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Publication numberUS6449774 B1
Publication typeGrant
Application numberUS 09/858,344
Publication dateSep 17, 2002
Filing dateMay 15, 2001
Priority dateMay 15, 2001
Fee statusLapsed
Publication number09858344, 858344, US 6449774 B1, US 6449774B1, US-B1-6449774, US6449774 B1, US6449774B1
InventorsDavid C. Michael
Original AssigneeDavid C. Michael
Export CitationBiBTeX, EndNote, RefMan
External Links: USPTO, USPTO Assignment, Espacenet
Self adhesive promotional strips for martial arts belts
US 6449774 B1
Abstract
Promotional strips for martial arts belts comprised of a thin flexible vinyl sheet material of specifically designed properties and characteristics to easily and attractively mark a uniform belt. The strips are pre-cut and releaseably attached to a carrier sheet. Each strip is coated with a thin film of pressure sensitive adhesive on one side for securely attaching to a belt. A wide variety of colors as well as printable surface are available.
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Claims(5)
I claim:
1. A martial arts belt of fibrous construction having an undeformed contour of a generally flat, thin and narrow configuration with a length of at least about three feet, wherein said belt is comprised of multi-layered fabric, which layers are multi-stitched in a longitudinal direction to impart semi-rigidity to said belt, said belt being sufficiently flexible to be tied in a knot, wherein at least one adhesive strip having a Stretch Modulus of from about 0.01 to about 0.001, of colored and substantially non-stretchable vinyl material is contact adhesively secured to and generally laterally girdles said belt on the undeformed contour thereof, and wherein end portions of said strip are overlapped and adhesively secured to each other at the overlap.
2. The belt of claim 1 wherein the vinyl material has a thickness of from about 2.5 to about 5.0 mils, a width of from about 0.3 to about 0.9 in., and has a “Stretch Modulus” of from about 0.01 to about 0.0001.
3. The belt of claim 2 wherein said strip is from about 0.4 to about 0.6 in. wide, and from about 3.0 to about 4.5 mil., thick.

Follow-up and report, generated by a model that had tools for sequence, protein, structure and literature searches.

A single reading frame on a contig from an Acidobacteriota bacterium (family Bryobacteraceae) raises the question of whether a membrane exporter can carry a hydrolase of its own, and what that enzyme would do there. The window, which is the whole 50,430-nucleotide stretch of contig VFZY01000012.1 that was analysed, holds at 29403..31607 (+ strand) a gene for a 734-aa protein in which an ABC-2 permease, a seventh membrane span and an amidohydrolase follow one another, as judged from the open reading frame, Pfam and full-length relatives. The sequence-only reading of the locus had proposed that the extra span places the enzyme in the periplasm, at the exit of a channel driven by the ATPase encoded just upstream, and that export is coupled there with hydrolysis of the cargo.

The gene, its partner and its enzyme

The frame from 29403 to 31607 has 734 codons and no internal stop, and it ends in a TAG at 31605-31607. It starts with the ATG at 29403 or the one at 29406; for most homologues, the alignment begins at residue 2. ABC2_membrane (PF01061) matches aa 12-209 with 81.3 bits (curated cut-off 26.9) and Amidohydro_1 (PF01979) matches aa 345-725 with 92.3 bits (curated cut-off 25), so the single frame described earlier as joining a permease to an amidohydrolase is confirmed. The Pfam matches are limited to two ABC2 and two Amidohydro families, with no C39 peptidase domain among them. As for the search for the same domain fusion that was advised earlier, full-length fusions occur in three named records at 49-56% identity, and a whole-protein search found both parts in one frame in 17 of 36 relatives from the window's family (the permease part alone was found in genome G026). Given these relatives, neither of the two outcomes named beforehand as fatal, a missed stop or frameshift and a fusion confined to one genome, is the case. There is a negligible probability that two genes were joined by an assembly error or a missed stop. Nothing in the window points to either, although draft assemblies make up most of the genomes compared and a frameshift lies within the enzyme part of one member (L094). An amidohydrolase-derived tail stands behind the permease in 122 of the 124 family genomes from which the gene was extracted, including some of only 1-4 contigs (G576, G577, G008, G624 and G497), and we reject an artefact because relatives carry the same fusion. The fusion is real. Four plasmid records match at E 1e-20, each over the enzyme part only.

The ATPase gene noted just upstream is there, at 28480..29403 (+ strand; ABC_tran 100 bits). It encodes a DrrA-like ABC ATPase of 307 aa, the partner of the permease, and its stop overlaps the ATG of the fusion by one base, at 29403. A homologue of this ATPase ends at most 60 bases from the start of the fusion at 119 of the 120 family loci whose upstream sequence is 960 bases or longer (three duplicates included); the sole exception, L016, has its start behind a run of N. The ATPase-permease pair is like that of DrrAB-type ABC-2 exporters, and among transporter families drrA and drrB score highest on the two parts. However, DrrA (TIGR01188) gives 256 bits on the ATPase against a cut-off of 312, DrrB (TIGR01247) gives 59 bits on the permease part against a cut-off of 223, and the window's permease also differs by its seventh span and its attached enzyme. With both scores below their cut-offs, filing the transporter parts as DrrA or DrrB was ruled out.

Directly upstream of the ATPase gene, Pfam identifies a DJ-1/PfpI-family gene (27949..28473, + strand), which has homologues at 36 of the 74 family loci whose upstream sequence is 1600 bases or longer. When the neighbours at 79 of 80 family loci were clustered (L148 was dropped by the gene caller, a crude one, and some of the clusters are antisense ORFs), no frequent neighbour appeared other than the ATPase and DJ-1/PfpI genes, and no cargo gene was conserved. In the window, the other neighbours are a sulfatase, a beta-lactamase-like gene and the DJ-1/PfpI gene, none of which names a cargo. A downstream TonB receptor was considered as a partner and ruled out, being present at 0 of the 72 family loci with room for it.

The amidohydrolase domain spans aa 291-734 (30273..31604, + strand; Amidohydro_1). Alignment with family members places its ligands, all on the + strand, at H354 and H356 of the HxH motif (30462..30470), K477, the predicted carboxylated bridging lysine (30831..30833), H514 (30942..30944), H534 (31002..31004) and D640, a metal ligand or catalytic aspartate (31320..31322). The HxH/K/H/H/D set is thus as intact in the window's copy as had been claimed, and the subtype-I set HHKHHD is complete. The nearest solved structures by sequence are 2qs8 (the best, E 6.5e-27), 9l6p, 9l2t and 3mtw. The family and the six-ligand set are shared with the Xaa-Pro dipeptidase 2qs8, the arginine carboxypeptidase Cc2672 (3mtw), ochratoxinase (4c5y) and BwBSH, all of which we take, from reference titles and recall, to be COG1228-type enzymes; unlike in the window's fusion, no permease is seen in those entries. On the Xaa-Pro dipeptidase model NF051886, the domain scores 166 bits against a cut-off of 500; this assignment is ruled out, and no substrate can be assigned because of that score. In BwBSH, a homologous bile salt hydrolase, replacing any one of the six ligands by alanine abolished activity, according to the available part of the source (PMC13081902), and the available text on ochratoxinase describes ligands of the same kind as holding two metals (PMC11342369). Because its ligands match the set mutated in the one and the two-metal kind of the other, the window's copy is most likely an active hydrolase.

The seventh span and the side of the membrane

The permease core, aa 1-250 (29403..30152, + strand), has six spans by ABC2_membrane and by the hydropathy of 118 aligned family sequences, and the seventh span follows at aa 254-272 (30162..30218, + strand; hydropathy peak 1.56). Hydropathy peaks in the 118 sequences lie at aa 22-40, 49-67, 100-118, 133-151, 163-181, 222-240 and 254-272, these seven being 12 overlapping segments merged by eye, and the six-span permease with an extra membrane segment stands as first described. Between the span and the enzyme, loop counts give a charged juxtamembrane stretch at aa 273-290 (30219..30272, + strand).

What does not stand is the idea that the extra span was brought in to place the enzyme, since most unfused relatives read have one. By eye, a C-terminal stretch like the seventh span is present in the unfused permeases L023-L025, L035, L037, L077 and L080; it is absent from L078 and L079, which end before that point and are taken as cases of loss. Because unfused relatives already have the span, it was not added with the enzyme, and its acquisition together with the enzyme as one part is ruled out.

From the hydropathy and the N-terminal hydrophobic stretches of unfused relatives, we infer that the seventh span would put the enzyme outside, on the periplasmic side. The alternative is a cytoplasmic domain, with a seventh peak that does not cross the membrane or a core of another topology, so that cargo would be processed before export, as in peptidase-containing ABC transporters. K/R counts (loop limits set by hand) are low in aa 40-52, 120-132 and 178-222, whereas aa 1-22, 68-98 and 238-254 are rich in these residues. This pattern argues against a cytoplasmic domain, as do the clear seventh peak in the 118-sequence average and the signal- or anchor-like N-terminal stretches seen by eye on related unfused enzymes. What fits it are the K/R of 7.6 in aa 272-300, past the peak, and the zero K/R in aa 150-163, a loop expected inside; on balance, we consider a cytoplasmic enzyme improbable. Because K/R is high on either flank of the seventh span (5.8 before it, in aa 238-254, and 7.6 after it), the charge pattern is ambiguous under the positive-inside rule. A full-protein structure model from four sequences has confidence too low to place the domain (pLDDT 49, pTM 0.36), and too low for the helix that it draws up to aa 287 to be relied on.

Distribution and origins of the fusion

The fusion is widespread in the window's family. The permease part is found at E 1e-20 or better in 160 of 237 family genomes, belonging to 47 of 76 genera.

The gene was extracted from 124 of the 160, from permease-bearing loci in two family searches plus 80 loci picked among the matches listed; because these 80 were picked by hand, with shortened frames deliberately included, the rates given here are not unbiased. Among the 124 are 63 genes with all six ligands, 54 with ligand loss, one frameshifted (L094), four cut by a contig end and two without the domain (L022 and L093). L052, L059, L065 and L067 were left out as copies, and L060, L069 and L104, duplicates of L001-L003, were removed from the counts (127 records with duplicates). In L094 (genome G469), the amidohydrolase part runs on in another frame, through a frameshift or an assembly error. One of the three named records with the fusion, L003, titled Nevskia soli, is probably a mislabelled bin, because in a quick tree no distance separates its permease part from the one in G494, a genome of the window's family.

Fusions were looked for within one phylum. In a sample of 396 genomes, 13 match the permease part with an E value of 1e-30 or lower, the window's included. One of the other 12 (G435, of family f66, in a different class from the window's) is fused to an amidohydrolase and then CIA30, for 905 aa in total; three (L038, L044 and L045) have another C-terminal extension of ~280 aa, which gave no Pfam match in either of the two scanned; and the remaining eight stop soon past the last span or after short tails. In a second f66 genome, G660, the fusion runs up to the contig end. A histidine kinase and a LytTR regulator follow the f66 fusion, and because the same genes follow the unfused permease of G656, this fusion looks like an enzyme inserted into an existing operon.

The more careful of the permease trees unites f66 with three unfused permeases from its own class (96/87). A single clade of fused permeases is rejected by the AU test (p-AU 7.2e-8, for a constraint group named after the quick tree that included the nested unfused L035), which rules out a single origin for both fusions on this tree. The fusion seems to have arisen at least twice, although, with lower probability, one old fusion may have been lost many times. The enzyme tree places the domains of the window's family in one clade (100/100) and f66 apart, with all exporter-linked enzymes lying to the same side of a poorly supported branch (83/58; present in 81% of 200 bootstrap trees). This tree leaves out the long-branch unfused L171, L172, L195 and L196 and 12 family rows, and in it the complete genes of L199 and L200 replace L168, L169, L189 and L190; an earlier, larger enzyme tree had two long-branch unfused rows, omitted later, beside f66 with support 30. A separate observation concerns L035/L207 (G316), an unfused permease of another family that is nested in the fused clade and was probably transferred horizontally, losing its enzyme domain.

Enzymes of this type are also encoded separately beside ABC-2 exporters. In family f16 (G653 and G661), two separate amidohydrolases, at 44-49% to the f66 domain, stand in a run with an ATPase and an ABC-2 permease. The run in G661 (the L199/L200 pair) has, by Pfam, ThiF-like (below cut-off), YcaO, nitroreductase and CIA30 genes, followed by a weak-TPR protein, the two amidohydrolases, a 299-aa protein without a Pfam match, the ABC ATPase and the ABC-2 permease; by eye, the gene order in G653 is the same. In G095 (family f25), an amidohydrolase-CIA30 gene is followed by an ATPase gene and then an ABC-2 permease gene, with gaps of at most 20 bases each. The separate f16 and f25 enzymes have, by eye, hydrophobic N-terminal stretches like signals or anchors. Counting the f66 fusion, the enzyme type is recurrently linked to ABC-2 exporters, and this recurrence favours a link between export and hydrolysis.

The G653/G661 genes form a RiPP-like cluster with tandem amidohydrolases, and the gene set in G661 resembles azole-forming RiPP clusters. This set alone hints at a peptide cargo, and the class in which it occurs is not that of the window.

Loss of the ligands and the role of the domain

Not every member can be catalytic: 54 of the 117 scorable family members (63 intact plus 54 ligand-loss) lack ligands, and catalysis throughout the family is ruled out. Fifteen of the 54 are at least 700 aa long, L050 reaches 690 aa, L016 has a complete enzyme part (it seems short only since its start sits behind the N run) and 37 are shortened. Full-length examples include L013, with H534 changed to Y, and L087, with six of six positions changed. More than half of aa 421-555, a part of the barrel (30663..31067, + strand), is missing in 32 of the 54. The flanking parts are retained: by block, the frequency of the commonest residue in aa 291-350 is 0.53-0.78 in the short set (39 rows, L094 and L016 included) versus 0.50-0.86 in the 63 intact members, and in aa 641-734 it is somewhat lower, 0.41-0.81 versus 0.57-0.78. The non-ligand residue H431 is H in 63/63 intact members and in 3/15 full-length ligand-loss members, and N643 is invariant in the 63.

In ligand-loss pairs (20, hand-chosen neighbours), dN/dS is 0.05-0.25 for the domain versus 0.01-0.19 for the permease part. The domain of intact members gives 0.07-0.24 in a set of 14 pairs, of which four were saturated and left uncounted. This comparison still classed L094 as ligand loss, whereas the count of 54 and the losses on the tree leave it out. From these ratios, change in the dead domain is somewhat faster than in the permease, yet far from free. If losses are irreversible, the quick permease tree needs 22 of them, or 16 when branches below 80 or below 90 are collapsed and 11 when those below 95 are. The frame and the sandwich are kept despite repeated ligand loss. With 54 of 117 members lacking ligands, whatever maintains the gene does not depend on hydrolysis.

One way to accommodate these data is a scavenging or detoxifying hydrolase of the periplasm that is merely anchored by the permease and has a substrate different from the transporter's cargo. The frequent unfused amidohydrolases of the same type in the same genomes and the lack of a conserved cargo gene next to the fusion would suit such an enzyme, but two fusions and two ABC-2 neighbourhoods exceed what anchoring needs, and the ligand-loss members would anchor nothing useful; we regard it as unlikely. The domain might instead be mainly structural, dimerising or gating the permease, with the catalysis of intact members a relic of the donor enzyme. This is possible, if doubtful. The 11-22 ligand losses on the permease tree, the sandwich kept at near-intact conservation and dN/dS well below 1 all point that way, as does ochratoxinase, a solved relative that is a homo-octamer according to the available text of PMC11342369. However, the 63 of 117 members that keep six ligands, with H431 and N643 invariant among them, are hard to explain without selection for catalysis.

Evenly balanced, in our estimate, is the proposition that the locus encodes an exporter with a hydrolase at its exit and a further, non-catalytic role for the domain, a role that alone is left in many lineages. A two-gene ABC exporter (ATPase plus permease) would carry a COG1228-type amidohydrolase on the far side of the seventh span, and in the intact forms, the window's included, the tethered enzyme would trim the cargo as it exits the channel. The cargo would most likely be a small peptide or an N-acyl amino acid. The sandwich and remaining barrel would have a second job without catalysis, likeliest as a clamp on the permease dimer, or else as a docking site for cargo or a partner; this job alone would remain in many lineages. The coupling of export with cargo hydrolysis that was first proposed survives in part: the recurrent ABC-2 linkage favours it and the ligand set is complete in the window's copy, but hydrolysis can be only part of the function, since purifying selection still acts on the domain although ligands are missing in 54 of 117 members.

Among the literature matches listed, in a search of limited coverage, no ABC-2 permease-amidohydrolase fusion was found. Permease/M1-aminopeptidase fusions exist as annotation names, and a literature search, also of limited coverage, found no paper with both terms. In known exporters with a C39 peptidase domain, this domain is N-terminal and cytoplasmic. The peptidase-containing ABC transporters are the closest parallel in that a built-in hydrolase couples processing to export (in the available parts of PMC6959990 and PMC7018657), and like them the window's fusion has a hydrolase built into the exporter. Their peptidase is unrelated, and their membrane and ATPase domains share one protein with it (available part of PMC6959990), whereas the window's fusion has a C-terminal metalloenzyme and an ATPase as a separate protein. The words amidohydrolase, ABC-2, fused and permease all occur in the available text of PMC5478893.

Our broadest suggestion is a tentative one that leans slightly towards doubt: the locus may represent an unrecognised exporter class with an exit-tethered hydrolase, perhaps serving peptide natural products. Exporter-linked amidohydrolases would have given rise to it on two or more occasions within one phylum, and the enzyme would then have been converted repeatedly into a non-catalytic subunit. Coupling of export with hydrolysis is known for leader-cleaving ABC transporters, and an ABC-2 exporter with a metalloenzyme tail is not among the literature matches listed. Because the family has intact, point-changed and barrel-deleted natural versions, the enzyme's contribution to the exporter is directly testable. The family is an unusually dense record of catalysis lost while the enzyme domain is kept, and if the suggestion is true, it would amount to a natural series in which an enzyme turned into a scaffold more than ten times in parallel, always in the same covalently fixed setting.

4. A martial arts belt of fibrous construction having an undeformed contour of a generally flat, thin and narrow configuration with a length of at least about three feet, wherein said belt is comprised of multi-layered, semi-rigid fabric material, said belt being sufficiently flexible to be tied in a knot, wherein at least one adhesive strip having a Stretch Modulus of from about 0.01 to about 0.001 of colored and substantially non-stretchable vinyl material is contact adhesively secured to and generally laterally girdles said belt on the undeformed contour thereof, wherein said vinyl material has a thickness of from about 2.5 to about 5.0 mils, a width of from about 0.3 to about 0.9 in, and wherein end portions of said strip are overlapped and adhesively secured to each other at the overlap.
5. The belt of claim 4 wherein said strip is from about 0.4 to about 0.6 in wide and from about 3.0 to about 4.5 mil. thick.
Description
BACKGROUND OF THE INVENTION

1. Field of Invention

This invention concerns unique means for marking or promoting the various rankings of students or other participants of the martial arts and particularly concerns specialized self-adhesive, colored vinyl strips for marking the waist belts worn by such participants.

2. Prior Art

Colored adhesive strips arc commonly used in martial arts training to indicate rank or achievement of the participant. Currently, instructors cut or tear such strips from rolls of colored tape and wrap them on the student's belt, or stick them to something else for later use. The tape material used in such rolls however, is too thin, too stretchable and too deformable to maintain a clean rectangular shape of the tape throughout the cutting/transfer process. Further, the tape glue tends to seep out or become exposed due to shrinkage of the strip, which leave a sticky residue and collects dirt. Also, there are a limited variety of colors available, and those are usually flat, matte, or otherwise have a dull finish.